11 Aug 2012
Buying Twitter followers has been something people have been talking a lot about in the last 6 months. With it being easier and easier to do, and some people basing their entire careers on their supposed influence, the allure of double, triple or quadrupling the amount of Twitter followers someone has is too much to handle. This is evident by the growth in followers some people have had, in many cases, overnight. And while everyone suspected as much, there was never any true proof of it.
Until @StephanieFusco blogged about a website that actually makes a pretty accurate deciphering on what is real and what is fake. It also checks who is silent. Then it provides you with a score, how many are fake, how many are inactive, and how many are real. With these scores in mind, it’s easier to see who’s real and who’s fake.
This is where it gets exciting… obviously I checked a bunch of people out that I suspected of having bought followers, and no surprise… 30-50% of some common people’s followers are fake. No big surprise to me. I knew it was only a matter of time before these fake people were exposed for their bullshit behaviour and corporate abuse by lying to companies and saying they had a larger network than they truly did.
But, it gave me an idea… the idea of buying followers… where were people buying them? What did these fake followers look like? How quickly could you accumulate them?
So I set out as of about 8PM last night to test it out. I set up a new account @REALzachbussey and started buying followers. Overnight the account has grown to 26,000 followers with accounts that sorta look real, but not really… they have a real name, and a photo… but most of their usernames are a jumble of letters…. @laleks825 @nylacgugo etc. None have any tweets, no profile… and none have any followers. As I suspected.
Here’s where it gets interesting though: If you check out who these fake follower accounts follow, you learn some of the names of people who are paying for followers… and it’s a LOT of celebrities. Check for yourself: https://twitter.com/#!/nylacgugo/following,.. and according to StatusPeople….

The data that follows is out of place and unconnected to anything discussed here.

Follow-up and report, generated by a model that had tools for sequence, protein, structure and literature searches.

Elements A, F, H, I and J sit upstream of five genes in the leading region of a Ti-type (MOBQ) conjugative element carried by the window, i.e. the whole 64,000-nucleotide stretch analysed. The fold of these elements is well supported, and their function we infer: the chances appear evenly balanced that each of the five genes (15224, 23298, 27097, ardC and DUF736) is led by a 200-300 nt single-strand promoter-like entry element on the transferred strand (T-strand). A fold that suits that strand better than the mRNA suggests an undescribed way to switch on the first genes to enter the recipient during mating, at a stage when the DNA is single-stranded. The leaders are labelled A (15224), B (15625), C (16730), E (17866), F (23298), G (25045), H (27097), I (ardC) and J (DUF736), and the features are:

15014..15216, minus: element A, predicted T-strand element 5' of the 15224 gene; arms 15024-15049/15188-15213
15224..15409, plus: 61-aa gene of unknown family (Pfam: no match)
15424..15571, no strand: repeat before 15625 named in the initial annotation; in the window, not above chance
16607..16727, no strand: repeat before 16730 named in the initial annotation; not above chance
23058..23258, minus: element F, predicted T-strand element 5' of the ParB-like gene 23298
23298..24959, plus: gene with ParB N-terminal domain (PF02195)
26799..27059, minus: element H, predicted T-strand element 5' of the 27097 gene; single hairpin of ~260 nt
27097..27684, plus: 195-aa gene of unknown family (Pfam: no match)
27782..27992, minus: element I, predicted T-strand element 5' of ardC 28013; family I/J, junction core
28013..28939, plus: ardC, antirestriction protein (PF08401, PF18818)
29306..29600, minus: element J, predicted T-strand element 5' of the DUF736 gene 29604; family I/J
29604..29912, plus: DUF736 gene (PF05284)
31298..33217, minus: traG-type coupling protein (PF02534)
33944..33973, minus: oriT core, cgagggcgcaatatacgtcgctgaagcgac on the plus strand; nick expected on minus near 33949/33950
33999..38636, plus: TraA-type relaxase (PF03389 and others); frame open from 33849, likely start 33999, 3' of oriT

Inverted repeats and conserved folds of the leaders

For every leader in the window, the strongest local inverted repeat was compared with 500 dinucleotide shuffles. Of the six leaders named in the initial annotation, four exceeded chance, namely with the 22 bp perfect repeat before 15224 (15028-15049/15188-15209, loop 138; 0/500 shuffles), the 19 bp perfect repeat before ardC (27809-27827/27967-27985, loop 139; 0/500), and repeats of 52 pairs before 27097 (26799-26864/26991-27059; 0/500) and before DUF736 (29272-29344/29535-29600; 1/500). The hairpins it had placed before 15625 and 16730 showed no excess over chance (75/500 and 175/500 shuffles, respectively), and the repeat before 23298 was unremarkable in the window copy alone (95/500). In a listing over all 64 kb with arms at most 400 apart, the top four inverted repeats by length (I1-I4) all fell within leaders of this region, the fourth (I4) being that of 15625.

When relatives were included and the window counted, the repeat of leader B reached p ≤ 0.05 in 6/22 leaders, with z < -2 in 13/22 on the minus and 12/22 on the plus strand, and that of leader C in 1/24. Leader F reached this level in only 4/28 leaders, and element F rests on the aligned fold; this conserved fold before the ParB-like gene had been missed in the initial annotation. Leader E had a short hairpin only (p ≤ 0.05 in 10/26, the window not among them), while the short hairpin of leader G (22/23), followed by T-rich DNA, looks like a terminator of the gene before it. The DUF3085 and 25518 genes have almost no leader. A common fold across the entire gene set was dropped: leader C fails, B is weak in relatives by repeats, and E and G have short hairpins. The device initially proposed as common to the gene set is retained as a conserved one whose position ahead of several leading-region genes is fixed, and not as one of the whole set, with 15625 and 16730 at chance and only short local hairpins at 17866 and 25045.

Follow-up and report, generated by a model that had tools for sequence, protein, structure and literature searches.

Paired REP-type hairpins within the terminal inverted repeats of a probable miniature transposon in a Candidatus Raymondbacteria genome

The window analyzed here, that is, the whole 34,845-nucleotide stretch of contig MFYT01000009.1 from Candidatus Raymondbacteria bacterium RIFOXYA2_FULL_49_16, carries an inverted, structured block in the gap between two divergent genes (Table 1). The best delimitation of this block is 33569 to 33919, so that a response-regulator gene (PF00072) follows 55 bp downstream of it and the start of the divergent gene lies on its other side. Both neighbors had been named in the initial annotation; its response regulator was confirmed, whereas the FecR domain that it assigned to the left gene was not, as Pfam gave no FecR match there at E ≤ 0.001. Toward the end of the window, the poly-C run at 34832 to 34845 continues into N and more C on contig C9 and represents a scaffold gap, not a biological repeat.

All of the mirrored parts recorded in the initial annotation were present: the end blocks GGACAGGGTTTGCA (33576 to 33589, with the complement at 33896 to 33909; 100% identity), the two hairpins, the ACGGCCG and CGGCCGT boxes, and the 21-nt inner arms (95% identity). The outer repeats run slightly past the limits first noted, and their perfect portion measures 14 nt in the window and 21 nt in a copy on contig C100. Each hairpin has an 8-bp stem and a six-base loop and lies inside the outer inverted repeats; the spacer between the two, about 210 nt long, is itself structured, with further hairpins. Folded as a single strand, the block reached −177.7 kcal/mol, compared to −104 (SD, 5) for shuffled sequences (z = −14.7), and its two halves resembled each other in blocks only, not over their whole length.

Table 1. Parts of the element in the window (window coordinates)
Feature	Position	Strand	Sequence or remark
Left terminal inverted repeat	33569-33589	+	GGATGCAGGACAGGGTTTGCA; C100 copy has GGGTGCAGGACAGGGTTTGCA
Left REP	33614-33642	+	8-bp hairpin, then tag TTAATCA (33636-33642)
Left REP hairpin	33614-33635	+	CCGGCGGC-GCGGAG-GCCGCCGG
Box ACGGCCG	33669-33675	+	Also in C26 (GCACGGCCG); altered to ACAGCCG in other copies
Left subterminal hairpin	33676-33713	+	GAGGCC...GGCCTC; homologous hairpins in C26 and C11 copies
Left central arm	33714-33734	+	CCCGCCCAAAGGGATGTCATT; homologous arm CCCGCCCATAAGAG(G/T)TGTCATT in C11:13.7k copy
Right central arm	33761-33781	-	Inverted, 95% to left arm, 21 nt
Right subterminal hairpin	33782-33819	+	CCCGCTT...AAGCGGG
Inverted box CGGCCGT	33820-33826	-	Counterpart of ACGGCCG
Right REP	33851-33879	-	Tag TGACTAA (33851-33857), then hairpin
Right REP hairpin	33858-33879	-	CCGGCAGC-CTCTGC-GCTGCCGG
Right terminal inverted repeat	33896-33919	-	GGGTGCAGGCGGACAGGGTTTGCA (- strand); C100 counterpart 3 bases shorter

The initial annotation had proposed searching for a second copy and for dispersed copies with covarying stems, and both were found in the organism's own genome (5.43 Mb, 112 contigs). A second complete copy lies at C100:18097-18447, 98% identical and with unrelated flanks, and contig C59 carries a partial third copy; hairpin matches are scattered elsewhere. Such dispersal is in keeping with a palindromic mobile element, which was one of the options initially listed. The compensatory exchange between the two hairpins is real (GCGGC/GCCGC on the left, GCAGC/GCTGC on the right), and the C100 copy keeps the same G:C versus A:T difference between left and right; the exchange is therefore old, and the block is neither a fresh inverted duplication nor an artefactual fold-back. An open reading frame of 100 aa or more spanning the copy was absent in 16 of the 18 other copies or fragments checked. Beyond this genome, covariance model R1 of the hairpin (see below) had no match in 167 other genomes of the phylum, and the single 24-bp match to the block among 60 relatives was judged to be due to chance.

Sean @iamdiddy Combs (his 7,300,000 are 25% Fake)
Actor @JimmyBennett (his 1,074,000 are 83% Fake)
Singer @MarquesHouston (his 851,000 are 85% Fake)
Whatever he does @JeffreeStar (his 432,000 are 63% Fake)
Rapper @RedCafe (his 394,000 are 79% Fake)
Sr VP of Shop.com @LorenRidinger (her 374,000 are 81% Fake)
Rapper @ThatsShawtyLo (his 203,000 are 81% Fake)
That’s bombshell in and of itself!
That said… there’s one other thing everyone needs to be aware of… buying followers requires no permission from the account. Essentially, you can buy followers for anyone. With or without their permission. As I’ve just experienced… just about an hour, I started getting mass followed by the same spam accounts that followed @REALzachbussey. Whoever bought these followers did so intentionally to try and lump me in with those in Toronto who have paid for followings… Fortunately with some quick action, I was able to stem the flow of follows. Here’s how…
1. Put your account on private.
2. Go to twitblock.org to quickly block and report for spam every account that managed to follow you.
3. Click ‘decline’ on every other follow that tries to come your way from the spam accounts… as you can see I have some work to do…
(UPDATE: I’ve learned that for all the followers you have that are ‘waiting to be approved’ when your account is private, disappear entirely if you set your account back to public.)
This exposes some major holes in Twitter. One’s that they will really have to start exploring. Back in the early email days, there was something called an email bomb which would overflow someone’s email inbox with emails. It was/is a serious issue and forced email providers to rethink how email functioned, and how to prevent it. Twitter now has this same issue, and they need to take it seriously.
1. If someone like Marques Houston has 851K followers, but only 128K are actual people – there is a problem with how many Twitter users the service actually has. Or Sean PDiddy Combs with 7.3M but there’s 1.8M fakes.
2. If anyone can go out buy anyone thousands of followers without any safeties in place, it can be very damaging to be portrayed as a faker (and time consuming for someone trying to fix it). This is the equivalent of a social media nuke.
3. Clearly, current safety measures to prevent fake accounts from being created are insufficient. Twitter needs to explore new ways to prevent spam, perhaps even examining the idea of a one time buy-in. $5 one time buy in FOR ALL USERS may prevent spam accounts from even being created. How many people have $125,000 around to set up 25,000 fake follower accounts?
I’m going to continue to explore this dark side of Twitter and the paid for followers and as I become aware of new issues, causes for concern or insight, I will certainly continue to add new blog posts on the issue. One thing is for sure, this is a problem that is only going to get worse unless Twitter acts now.